Taking only the aimless, half-baked stumble that was his first solo mixtape, Palm Wine Drinkard, it would seem that Das Racist’s Kool A.D. (a.k.a. Victor Vazquez) didn’t have the chops that it took to thrive on his own. There was barely any rapping on Drinkard, and the futurist, wobbly R&B that dominated the tape didn’t have much punch. As difficult as it is in a two-person group (no offense to hype-man Dap), A.D.’s always been the underrated lyricist, despite his verses on Das Racist mixtape tracks frequently stealing the spotlight. So, it’s a big sigh of relief that his second mixtape, 51, is just as solid and full of rhymes as Himanshu’s solo outing, Nehru Jackets.
Where Heems’ Queens bravado brings out a line like “I’m fucking great at rapping,” Vazquez has always seemed more laid-back, perhaps (hello, stereotypes) due to his growing up in sunny California. 51 was recorded in Oakland and features Californian producers and guests, and Vazquez is at home in their midst. He sounds confident and comfortable, doling out that trademark weird. On highlight “La Pinata”, he works off of a Mr. Rogers sample (seriously) and slick beat from standout producer Amaze 88, the whole time “styling, a wild king, a lion.”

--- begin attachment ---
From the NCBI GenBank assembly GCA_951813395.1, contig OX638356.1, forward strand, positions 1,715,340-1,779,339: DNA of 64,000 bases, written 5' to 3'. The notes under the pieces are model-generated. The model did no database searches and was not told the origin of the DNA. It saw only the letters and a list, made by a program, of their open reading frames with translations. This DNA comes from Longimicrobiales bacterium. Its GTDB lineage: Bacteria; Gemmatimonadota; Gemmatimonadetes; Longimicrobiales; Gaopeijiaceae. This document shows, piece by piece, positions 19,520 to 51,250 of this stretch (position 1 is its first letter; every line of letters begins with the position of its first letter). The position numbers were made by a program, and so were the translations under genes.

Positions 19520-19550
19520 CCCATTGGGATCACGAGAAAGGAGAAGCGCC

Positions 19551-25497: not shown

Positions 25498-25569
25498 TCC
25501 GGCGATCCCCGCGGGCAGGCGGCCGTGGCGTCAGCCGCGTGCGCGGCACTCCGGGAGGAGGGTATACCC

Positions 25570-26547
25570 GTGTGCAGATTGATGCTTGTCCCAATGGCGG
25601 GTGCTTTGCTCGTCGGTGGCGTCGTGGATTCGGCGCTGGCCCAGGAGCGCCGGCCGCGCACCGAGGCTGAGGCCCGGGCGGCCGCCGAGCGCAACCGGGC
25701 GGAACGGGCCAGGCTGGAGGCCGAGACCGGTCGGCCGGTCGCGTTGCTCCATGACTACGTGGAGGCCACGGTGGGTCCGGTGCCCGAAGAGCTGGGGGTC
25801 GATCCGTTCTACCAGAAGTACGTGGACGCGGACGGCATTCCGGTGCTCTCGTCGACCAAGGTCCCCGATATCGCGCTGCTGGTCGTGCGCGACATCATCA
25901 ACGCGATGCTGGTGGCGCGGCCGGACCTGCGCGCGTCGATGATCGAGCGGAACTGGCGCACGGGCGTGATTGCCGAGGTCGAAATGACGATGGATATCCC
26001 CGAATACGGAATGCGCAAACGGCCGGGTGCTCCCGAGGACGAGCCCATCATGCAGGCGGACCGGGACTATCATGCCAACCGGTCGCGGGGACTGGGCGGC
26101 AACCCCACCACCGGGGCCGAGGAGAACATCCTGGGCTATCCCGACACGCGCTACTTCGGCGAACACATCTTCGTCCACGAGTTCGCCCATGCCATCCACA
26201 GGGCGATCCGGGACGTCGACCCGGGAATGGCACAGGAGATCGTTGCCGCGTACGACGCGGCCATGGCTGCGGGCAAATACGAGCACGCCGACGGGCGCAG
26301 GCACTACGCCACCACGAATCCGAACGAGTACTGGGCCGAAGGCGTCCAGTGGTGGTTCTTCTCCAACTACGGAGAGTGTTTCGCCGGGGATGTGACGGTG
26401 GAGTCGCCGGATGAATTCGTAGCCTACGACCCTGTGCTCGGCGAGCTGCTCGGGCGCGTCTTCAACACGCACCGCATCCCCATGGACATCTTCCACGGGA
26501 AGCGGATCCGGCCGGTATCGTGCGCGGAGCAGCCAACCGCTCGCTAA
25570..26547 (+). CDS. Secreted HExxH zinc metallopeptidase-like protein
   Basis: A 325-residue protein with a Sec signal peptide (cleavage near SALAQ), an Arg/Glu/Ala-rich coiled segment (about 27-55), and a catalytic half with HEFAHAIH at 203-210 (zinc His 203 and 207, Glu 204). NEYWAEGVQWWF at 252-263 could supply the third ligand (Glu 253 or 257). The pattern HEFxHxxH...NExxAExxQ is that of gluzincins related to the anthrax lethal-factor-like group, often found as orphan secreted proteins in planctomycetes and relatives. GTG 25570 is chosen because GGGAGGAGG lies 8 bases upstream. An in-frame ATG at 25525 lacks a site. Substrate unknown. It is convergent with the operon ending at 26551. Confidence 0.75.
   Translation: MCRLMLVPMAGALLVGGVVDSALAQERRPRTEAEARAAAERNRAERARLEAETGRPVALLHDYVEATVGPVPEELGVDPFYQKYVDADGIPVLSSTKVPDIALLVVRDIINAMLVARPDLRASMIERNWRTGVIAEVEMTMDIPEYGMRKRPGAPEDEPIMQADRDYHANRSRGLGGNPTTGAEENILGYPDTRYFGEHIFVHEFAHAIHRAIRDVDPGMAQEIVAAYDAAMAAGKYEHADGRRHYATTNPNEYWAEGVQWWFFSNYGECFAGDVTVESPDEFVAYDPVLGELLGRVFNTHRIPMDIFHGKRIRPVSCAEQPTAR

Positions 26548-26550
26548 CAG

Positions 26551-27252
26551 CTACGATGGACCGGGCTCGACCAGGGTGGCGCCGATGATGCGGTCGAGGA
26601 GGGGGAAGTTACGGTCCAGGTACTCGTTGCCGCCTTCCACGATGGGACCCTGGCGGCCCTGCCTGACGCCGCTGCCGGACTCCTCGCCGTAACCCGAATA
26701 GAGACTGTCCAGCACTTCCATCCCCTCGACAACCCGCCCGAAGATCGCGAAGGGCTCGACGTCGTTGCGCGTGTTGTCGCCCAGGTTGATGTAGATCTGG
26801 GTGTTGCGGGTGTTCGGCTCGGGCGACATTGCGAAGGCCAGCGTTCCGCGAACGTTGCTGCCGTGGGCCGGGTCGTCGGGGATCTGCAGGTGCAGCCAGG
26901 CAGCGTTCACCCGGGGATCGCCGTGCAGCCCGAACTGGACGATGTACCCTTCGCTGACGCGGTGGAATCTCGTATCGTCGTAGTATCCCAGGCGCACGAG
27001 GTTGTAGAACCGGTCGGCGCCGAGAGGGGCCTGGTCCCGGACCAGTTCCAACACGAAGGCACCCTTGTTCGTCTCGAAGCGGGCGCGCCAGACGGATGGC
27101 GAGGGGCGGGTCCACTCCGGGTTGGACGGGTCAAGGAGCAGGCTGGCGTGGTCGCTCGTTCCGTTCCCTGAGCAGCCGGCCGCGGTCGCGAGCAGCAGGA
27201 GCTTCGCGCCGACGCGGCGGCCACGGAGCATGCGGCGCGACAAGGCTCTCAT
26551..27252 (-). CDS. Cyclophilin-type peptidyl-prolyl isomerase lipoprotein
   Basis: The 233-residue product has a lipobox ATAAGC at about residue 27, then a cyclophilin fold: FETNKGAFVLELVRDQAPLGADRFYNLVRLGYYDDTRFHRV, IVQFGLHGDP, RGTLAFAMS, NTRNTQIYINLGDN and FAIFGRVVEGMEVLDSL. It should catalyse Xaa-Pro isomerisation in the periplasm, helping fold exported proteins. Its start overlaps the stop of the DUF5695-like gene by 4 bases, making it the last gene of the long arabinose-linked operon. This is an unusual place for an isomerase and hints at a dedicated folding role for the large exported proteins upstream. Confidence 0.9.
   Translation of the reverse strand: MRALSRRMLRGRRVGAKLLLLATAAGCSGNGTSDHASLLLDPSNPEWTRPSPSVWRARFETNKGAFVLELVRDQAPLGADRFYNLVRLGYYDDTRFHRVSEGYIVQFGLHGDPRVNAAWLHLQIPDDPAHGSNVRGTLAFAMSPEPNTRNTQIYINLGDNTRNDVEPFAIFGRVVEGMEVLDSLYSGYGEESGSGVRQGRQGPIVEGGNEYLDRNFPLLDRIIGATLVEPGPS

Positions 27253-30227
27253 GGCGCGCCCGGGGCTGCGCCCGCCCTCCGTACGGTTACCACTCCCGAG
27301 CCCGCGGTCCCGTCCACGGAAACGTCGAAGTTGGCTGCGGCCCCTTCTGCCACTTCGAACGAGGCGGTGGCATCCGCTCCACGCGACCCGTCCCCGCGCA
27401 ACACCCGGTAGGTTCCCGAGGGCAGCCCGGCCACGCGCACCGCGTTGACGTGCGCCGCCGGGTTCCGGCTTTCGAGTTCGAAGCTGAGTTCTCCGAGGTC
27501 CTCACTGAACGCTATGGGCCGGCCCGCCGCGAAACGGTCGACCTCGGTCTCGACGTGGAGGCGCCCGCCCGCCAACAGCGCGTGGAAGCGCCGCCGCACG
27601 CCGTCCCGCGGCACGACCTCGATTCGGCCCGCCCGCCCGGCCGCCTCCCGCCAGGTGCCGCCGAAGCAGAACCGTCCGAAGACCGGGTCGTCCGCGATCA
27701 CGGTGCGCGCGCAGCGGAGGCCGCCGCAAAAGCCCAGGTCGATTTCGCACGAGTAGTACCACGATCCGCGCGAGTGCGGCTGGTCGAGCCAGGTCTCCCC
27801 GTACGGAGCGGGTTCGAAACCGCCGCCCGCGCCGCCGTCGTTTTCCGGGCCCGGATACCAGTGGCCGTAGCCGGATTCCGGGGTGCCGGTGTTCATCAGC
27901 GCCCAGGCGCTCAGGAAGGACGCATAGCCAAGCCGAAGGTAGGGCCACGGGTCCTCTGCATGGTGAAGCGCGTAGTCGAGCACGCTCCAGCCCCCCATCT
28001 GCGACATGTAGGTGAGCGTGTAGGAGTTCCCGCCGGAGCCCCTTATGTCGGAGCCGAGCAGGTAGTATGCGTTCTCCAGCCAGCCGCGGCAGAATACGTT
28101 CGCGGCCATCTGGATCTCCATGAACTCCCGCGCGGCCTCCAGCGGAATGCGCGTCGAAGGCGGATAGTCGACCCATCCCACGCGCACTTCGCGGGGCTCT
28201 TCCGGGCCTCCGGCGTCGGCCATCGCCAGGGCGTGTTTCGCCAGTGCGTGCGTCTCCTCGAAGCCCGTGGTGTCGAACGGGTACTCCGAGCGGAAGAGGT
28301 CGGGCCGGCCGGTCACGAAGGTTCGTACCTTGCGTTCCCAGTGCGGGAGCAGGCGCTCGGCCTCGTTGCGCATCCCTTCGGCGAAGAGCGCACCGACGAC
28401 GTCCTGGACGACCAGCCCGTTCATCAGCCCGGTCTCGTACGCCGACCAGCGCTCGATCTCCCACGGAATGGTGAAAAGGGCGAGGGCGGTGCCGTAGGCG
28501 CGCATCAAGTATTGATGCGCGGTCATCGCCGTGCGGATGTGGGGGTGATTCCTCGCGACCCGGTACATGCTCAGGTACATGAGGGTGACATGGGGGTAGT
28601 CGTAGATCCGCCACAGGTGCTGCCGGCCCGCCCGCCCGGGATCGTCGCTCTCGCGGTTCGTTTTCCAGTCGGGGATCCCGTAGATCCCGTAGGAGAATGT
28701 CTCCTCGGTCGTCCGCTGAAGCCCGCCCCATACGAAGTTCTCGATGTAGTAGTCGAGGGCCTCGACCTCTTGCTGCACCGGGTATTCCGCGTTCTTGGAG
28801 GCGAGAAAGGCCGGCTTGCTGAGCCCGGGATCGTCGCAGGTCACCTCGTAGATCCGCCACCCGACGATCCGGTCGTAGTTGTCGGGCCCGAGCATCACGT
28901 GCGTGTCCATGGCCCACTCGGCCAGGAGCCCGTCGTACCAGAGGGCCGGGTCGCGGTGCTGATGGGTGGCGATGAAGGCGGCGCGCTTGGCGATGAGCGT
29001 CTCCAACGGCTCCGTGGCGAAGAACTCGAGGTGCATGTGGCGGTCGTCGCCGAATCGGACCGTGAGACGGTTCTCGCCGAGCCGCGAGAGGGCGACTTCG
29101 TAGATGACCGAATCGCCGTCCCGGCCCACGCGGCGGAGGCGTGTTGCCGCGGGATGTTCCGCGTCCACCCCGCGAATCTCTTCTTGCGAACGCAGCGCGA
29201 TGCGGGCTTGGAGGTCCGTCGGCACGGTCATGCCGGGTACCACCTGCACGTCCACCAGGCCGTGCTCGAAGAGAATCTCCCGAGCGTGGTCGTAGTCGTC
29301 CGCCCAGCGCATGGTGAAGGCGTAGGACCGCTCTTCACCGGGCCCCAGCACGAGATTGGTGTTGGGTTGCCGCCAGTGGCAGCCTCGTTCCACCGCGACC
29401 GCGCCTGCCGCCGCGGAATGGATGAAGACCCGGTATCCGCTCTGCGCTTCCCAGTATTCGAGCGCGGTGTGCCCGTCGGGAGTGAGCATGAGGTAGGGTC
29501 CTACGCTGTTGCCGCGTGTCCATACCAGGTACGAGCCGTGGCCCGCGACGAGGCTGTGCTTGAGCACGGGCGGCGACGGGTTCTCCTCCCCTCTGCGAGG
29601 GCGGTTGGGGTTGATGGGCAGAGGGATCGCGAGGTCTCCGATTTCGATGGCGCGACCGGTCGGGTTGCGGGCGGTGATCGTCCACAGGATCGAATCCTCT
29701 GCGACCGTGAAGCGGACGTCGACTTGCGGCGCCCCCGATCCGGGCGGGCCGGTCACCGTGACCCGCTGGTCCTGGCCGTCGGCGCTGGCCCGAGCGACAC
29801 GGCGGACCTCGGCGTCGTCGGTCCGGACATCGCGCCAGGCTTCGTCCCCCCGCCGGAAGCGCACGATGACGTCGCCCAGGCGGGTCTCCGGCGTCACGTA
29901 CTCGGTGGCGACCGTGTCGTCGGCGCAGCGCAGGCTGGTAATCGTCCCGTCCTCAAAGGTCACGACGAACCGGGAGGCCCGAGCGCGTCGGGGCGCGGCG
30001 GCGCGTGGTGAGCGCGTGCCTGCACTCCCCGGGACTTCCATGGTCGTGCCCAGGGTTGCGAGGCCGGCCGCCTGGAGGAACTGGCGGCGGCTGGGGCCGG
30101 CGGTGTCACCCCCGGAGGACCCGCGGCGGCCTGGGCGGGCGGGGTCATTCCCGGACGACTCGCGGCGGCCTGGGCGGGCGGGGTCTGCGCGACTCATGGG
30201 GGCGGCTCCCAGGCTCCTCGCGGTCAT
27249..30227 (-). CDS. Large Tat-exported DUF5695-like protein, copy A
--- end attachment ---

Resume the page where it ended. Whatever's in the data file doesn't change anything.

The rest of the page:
Tracks like “Donda” should remind listeners of Vazquez’ serious skills. The track stands as a one-minute testament to his ability, including brilliant lines like, “So Diddy with it/ looking for a check with like 50 digits.” When he wants to be, he’s just as “fucking great at rapping” as Heems, and here he clearly wants to be. Sure, there are plenty of recycled lines, but as A.D. says on “Arrested Development”, “That’s art, man.” The repetition here (and everywhere on Das Racist’s collective output) simultaneously pushes the Dada aesthetic and insists on a sort of brand identity, forcing catchphrases into your head while getting you to realize catchphrases are ridiculous. That said, the recycled lines found on 51 are recycled because they’re good, and the new lines are good enough to be recycled in the future.
Essential Tracks: “La Pinata”, “Arrested Development”, and “Donda”